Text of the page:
It’s been a long time since I’ve created an encaustic with alcohol inks, but I was inspired recently to take them out and play with them again. It is fascinating to watch the way the inks interact with each other. The alcohol gives so much movement, creating a look within your painting that you don’t have much control over. You simply have to watch the way everything settles, and try to add or take away little bits at a time. At least, in my experience. But watching the way the alcohol moves across the surface is totally worth the extra effort that’s needed.
I created a free printable for anyone who is interested in using alcohol inks in their encaustic paintings. I include the steps I used to add color to these paintings, as well as some tips for additional ways you can work with the ink to create cool effects.
The Dry Shellac burn is much easier, in a way. I simply let the shellac I’ve sprayed on the surface dry for about 10 minutes, then I use a small blow torch to “burn” the shellac to create those awesome open cells. It works so great with alcohol ink, especially the metallic ones because those produce these amazing glittery trails when you do the shellac burn.
I love using bright colors, but sometimes you just need to go a bit more vintage, you know? So I used a mix of browns, golds and yellows for this set of little wax paintings. What do you think of the ink? The colors? The burn? I’d love to hear your thoughts and questions! Oh, and don’t forget to download your free printable!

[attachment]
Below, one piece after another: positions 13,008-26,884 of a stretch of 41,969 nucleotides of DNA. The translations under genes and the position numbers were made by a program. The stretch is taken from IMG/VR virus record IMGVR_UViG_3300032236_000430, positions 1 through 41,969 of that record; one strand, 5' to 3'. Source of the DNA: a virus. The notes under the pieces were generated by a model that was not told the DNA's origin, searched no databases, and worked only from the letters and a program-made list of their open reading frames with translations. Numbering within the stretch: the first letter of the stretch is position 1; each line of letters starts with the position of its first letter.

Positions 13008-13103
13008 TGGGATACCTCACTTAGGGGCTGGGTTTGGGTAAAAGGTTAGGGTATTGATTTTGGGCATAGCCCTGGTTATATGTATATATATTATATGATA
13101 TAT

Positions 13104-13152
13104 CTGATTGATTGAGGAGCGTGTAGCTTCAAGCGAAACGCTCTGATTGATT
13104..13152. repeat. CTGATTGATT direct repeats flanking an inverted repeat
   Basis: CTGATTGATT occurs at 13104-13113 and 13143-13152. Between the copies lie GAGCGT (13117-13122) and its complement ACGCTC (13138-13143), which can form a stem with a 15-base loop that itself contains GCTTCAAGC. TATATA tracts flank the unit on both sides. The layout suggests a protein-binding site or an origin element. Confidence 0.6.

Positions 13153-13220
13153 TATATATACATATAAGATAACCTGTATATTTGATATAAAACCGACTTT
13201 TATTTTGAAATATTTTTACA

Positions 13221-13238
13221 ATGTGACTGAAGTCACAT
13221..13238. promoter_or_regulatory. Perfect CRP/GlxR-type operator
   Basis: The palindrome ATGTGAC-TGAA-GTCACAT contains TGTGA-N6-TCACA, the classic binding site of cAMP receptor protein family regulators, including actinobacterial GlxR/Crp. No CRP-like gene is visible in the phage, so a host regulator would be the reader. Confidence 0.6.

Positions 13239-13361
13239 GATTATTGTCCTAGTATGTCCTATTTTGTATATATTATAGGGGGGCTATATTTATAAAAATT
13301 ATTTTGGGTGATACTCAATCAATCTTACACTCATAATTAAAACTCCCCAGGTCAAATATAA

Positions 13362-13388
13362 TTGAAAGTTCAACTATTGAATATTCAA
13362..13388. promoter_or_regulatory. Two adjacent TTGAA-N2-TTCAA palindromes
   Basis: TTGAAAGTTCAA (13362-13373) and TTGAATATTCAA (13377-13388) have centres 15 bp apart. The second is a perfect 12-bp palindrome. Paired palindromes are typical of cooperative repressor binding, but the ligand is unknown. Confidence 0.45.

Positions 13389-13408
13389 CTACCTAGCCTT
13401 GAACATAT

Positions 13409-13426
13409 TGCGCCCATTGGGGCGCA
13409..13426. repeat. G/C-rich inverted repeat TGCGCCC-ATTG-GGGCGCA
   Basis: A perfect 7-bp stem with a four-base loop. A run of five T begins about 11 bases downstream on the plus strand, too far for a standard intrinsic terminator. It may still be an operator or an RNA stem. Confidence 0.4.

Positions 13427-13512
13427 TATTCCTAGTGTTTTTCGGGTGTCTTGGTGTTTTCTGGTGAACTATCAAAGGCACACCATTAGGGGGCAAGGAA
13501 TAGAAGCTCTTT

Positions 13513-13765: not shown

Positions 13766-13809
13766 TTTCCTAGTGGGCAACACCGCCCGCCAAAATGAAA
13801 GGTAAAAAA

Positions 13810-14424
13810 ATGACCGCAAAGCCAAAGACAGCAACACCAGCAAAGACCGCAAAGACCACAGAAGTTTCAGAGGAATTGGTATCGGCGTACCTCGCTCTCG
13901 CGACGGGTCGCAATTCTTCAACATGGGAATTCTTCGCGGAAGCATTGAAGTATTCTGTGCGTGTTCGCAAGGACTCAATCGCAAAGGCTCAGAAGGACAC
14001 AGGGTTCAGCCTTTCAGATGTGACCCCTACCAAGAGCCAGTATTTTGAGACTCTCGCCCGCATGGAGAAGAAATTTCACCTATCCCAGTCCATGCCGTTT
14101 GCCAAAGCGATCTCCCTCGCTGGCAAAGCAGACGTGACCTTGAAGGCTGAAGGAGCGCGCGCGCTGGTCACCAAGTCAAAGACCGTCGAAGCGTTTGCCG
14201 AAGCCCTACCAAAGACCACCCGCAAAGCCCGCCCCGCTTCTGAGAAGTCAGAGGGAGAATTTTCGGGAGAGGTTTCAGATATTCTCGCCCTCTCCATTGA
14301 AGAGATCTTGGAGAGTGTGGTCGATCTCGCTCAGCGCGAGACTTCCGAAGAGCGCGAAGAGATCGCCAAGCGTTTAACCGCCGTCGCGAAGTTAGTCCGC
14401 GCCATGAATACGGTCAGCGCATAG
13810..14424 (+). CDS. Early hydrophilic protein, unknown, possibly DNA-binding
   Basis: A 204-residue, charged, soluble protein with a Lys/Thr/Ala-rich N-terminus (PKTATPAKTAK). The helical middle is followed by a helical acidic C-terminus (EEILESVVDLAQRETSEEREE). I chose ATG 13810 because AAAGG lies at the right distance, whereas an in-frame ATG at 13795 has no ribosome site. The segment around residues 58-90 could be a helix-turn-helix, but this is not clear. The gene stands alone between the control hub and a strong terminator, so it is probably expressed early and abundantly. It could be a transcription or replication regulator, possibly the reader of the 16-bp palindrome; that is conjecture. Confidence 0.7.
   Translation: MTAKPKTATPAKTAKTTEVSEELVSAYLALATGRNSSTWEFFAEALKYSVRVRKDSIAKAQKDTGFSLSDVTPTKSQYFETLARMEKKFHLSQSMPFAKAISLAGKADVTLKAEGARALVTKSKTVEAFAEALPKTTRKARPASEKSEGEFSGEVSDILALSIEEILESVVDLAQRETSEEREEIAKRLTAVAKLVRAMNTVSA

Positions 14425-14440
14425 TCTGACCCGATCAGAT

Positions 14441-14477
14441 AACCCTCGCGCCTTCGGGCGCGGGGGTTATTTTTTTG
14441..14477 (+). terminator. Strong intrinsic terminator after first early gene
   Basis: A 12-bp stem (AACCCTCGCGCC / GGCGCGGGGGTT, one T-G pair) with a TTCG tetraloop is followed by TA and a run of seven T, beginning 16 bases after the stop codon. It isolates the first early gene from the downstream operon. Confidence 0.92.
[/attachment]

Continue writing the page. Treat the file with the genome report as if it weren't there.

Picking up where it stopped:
Here’s a breakdown of my process:
- Start with a bare wood board.
- Brush your encaustic medium on the surface- I’ve done two layers of white so the colors of ink really stand out.
- Add your ink. You can use isopropyl alcohol to move the colors around, blend them, and even lift them from the surface in certain places.
- Use spray shellac to keep from moving the colors around with a brush. Let it dry for around 10 minutes or so.
- Use your torch to do a dry burn to create cells on the surface.
- You can add more ink, or leave your painting as it is. I like to do a final fuse to solidify the colors a bit more.
If you’re interested in learning more about the shellac burn, check out my new online course- Painting with Wax- The Shellac Burn Technique. It’s great for beginners to encaustic and shellac burns, and includes a lot of great bonus content that I keep adding to… We’d love to have you join us!
Either way, go try painting an encaustic with alcohol inks and see what kind of beautiful mess you can create!!